Malawi runaway inflation hits 28 percent, a 7-year high
Malawi's headline inflation rose to a seven-year high in September when it jumped from 25.5 percent in August to 28.3 percent.
The National Statistical Office (NSO) said in its September 2012 Stats Flash released yesterday that core inflation, has gone up by 28.8 percent compared to 12.5 percent during the same period last year.
The last time Malawi inflation was seen above 28.8 percent was in 2005 following a dry spell that hit the country, resulting in crop failure.
According to NSO, the urban inflation rate moved up from 28.2 percent to 31.1 percent while the rural inflation soared from 23.3 percent in August to 26.6 percent.
"Food inflation has gone up by 27.7 percent compared to 2.7 percent during the same period last year," says NSO.
Finance Minister Ken Lipenga predicted inflation to average 18.4 percent in 2012 from an average of 7.6 percent in 2012 with the prospects of decelerating to 16.1 percent in 2013 as full recovery begins.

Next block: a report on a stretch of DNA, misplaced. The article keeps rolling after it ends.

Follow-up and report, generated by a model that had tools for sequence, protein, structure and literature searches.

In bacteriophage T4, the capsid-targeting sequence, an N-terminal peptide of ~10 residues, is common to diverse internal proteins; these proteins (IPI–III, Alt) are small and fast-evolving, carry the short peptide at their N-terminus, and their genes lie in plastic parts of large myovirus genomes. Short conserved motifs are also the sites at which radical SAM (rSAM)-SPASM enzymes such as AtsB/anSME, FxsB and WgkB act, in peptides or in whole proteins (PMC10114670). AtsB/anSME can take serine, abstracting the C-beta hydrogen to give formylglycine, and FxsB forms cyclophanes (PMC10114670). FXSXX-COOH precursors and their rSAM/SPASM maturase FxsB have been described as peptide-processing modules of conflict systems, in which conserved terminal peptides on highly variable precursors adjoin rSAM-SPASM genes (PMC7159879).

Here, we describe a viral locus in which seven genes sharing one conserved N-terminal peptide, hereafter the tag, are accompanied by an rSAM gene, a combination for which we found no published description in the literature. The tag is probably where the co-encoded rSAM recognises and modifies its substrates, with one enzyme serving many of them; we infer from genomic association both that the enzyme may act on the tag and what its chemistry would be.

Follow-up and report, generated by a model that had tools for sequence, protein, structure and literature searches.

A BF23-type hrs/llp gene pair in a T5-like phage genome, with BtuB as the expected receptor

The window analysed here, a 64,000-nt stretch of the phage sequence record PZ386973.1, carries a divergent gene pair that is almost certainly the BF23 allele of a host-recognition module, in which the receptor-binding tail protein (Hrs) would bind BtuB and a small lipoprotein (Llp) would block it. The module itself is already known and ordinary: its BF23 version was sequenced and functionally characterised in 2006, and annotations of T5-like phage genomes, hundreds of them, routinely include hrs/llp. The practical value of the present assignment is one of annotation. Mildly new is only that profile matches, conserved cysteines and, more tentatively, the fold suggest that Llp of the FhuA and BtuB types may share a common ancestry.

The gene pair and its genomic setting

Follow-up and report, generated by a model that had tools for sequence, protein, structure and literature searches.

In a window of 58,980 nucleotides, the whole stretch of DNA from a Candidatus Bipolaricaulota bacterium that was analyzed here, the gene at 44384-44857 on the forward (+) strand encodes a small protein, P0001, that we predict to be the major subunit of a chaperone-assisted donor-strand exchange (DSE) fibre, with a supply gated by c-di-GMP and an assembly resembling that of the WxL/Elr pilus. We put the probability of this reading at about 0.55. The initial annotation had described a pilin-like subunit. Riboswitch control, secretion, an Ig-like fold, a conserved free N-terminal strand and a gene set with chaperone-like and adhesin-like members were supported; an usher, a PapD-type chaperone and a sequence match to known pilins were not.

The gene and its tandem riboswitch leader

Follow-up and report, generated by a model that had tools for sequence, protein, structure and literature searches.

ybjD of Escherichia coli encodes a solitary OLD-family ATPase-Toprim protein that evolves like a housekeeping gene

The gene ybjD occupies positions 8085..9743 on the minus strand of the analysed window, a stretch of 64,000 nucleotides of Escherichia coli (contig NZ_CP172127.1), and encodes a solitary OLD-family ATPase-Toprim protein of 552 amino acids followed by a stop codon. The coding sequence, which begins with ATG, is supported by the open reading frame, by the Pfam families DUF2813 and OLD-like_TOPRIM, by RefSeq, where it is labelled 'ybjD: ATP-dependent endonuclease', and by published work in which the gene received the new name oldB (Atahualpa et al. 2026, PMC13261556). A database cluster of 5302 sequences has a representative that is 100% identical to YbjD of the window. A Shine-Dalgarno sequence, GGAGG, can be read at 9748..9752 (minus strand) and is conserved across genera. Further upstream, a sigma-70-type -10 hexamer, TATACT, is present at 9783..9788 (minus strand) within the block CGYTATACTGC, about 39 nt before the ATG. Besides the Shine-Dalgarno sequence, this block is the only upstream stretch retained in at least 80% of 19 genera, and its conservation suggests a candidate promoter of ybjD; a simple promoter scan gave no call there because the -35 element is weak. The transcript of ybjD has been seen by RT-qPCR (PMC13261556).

However, Reserve Bank of Malawi (RBM) Governor Charles Chuka said recently he expects inflation to be between 21 and 24 percent end-year with an average of between 17.5 percent and 19.8 percent for the year.
Analysts have predicted that the country's inflation will continue soaring in the next few months as a result of the liberalization of the exchange rate regime, which has raised the price of the US dollar by about 70 percent and has fueled imported inflation.
The IMF believes Malawi's fiscal and monetary policies are expected to put inflation back on a downward path by early 2013.